FAME Chronicles #1: Long Classpaths & Local Var Declarations

Was testing out MTASC yesterday morning to see how fast it would compile our project at work, which has about 98 classes. It takes roughly 30 to 46 seconds to compile the main FLA in Flash. After 20 minutes of code modifications, I managed to get just warnings (but it’ll still compile).

It takes under 2 seconds.

The warnings kind of suck because basically, some of my classes had to have their symbolName properties be the same to work. Why? It sounds to me, after talking to Darron about it, like Flash’s internal Object.registerClass doesn’t like long names. One warning, however, I couldn’t get rid of; this was because the classpath was longer than 64 characters, and Flash doesn’t allow you to have linkageID’s longer than that. So, for the time being, unless I can find out why MTASC can’t inject the class into the existing SWF correctly, I’ll just have to refactor it to get it to compile without warnings.

The 20 minutes of code changes were local variable definition changes. Basically, this is the ONLY THING I have found different to coding for MTASC vs. for Flash. It doesn’t like inner defined local variables (like in nested loops and if then statements), nor does it like the same variable name typed twice in the same function. Naturally, I thought this was bs, but before communicating such, I asked a co-worker who was more experienced, and asked what he thought. After explaning on how other languages don’t allow you to do both of those things, and why it is ambiguous, and leads to errors where a function is dependent on a variable to be set (which is really bad for Flash since currently, it won’t throw exceptions for such things), so I understand why it’s bad to code that way, and it makes sense. Thus, I believe it’s a good thing why MTASC doesn’t support this bad practice, and I have no problems adjusting my coding style for it.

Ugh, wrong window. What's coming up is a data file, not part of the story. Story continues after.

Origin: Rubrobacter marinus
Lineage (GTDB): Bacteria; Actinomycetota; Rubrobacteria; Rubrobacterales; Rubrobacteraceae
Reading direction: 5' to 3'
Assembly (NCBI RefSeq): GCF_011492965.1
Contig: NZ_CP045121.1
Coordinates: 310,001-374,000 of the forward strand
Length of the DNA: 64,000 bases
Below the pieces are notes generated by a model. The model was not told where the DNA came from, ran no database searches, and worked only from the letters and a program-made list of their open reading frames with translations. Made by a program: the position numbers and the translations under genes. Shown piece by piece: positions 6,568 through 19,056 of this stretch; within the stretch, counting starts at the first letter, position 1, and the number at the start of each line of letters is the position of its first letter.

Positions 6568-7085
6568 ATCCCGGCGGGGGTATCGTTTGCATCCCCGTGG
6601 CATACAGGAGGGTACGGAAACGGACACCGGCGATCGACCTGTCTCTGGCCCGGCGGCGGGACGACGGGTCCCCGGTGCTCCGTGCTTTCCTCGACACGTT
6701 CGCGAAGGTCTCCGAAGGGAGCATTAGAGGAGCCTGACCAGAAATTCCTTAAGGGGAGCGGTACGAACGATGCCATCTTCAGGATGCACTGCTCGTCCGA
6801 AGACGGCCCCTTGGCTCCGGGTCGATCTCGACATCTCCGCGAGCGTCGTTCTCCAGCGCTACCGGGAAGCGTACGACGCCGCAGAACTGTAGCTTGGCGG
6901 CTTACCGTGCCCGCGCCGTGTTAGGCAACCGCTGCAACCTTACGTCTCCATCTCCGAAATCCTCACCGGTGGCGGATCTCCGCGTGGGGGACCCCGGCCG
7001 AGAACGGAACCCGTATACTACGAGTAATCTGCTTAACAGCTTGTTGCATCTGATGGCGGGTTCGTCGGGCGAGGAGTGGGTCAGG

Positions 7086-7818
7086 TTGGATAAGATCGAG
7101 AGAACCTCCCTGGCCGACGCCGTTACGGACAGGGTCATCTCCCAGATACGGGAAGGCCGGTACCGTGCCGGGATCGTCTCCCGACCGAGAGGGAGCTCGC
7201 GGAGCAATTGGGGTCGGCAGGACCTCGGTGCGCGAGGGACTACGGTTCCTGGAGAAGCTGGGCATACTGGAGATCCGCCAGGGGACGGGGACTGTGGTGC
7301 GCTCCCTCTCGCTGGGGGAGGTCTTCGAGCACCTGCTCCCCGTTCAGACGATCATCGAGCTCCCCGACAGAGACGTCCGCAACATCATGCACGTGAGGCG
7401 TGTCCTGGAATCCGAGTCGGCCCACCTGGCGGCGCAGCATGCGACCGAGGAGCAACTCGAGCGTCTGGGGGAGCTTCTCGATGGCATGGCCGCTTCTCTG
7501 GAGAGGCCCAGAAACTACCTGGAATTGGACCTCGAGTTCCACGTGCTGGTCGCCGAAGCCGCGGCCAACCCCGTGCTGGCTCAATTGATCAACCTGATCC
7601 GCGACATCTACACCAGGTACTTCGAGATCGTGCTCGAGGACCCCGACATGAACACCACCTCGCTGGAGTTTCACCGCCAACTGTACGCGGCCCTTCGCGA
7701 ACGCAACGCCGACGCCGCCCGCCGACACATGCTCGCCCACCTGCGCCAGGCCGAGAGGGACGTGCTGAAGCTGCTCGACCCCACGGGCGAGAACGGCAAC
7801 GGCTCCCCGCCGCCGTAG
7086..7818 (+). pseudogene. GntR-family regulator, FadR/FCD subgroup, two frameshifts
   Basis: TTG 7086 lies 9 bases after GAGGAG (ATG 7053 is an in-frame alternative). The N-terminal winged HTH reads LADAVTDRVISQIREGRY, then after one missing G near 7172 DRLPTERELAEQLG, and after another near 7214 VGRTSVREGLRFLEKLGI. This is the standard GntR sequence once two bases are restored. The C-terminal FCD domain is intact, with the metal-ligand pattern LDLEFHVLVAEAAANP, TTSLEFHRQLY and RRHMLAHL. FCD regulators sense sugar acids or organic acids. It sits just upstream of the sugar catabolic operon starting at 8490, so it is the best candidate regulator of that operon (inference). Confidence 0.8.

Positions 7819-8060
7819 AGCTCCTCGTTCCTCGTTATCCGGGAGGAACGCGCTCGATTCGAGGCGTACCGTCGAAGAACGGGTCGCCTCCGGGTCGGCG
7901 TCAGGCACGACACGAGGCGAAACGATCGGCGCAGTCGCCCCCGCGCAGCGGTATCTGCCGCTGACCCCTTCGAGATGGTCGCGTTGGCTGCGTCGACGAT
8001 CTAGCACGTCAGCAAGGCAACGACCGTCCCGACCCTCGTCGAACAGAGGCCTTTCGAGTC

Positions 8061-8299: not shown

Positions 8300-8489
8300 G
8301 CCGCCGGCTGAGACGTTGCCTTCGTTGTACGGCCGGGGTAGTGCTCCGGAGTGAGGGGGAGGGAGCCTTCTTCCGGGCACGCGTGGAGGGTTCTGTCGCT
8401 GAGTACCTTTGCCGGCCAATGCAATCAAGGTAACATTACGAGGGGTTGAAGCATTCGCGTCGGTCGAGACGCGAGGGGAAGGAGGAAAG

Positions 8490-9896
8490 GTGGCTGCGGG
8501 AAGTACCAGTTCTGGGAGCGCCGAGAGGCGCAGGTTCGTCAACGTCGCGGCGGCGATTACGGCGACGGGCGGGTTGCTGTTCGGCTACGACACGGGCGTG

Still, though, I wish we could get more official reports on the integrity of SWF’s MTASC generates. I am not sure what I mean by official, but I guess like real-world projects that have been deployed to big clients, thus giving me faith in the quality of SWF that MTASC can produce on it’s own vs. SWF’s created in Flash that it just injects classes into.

8 Replies to “FAME Chronicles #1: Long Classpaths & Local Var Declarations”

  1. 46 seconds down to 2 seconds.. If you compile 30 times, there’s your 20 minutes you saved to refactor your code a bit. Not bad!

  2. I’m using it on a pretty big project right now. Got it down to no warnings, and haven’t noticed any odd behavior. The product is going the major QA now, and nothing that has come up has been due to an MTASC/MM difference yet. My compile times aren’t that dramatic, but they are a fraction of MM’s.

  3. The inner defined local variables is the only thing I’ve had to go back and fix so far also which isn’t a big deal. The only problem is I have to go through and update any 3rd party classes I like using.

  4. I experienced the exact same thing!
    At work, I got sick of the MM compiler lunch breaks, so i got a ‘FAME’ setup going, and now I don’t even have time sip my coffee. About the local vars, I initially thought it was complete hogwash myself, until i asked a uber-programmer/coworker about it and he corrected me.

    Dude, it’s like deja vu…

  5. Jester,
    did you manage to have FAME (MTASC part) compiling AS files with Flex core classes ?

  6. re the inner variables, and not retyping them, guess thats ok – can understand its not really good programming -as per ‘Local variables scoping’ on the mtasc.org website)

    what i’ve found a pain is nested functions,which seem a different issue

    from the mtasc.org website
    that certainly stops a lot of code compiling on a current project I tried to use MTASC on – and a pain reworking the code to get rid of nested function which work ok on MM IDE (and are used in say Moock’s book)

    I sort of understand the difficulty the compiler has – but surely if the number of { does not equal the number of closing } it could stop proceedings then
    MM IDE can generate 71 consequent errors when you forget a paranthesis – but no-one has suggested nested functions are intrinsically bad

    seems a problem to me

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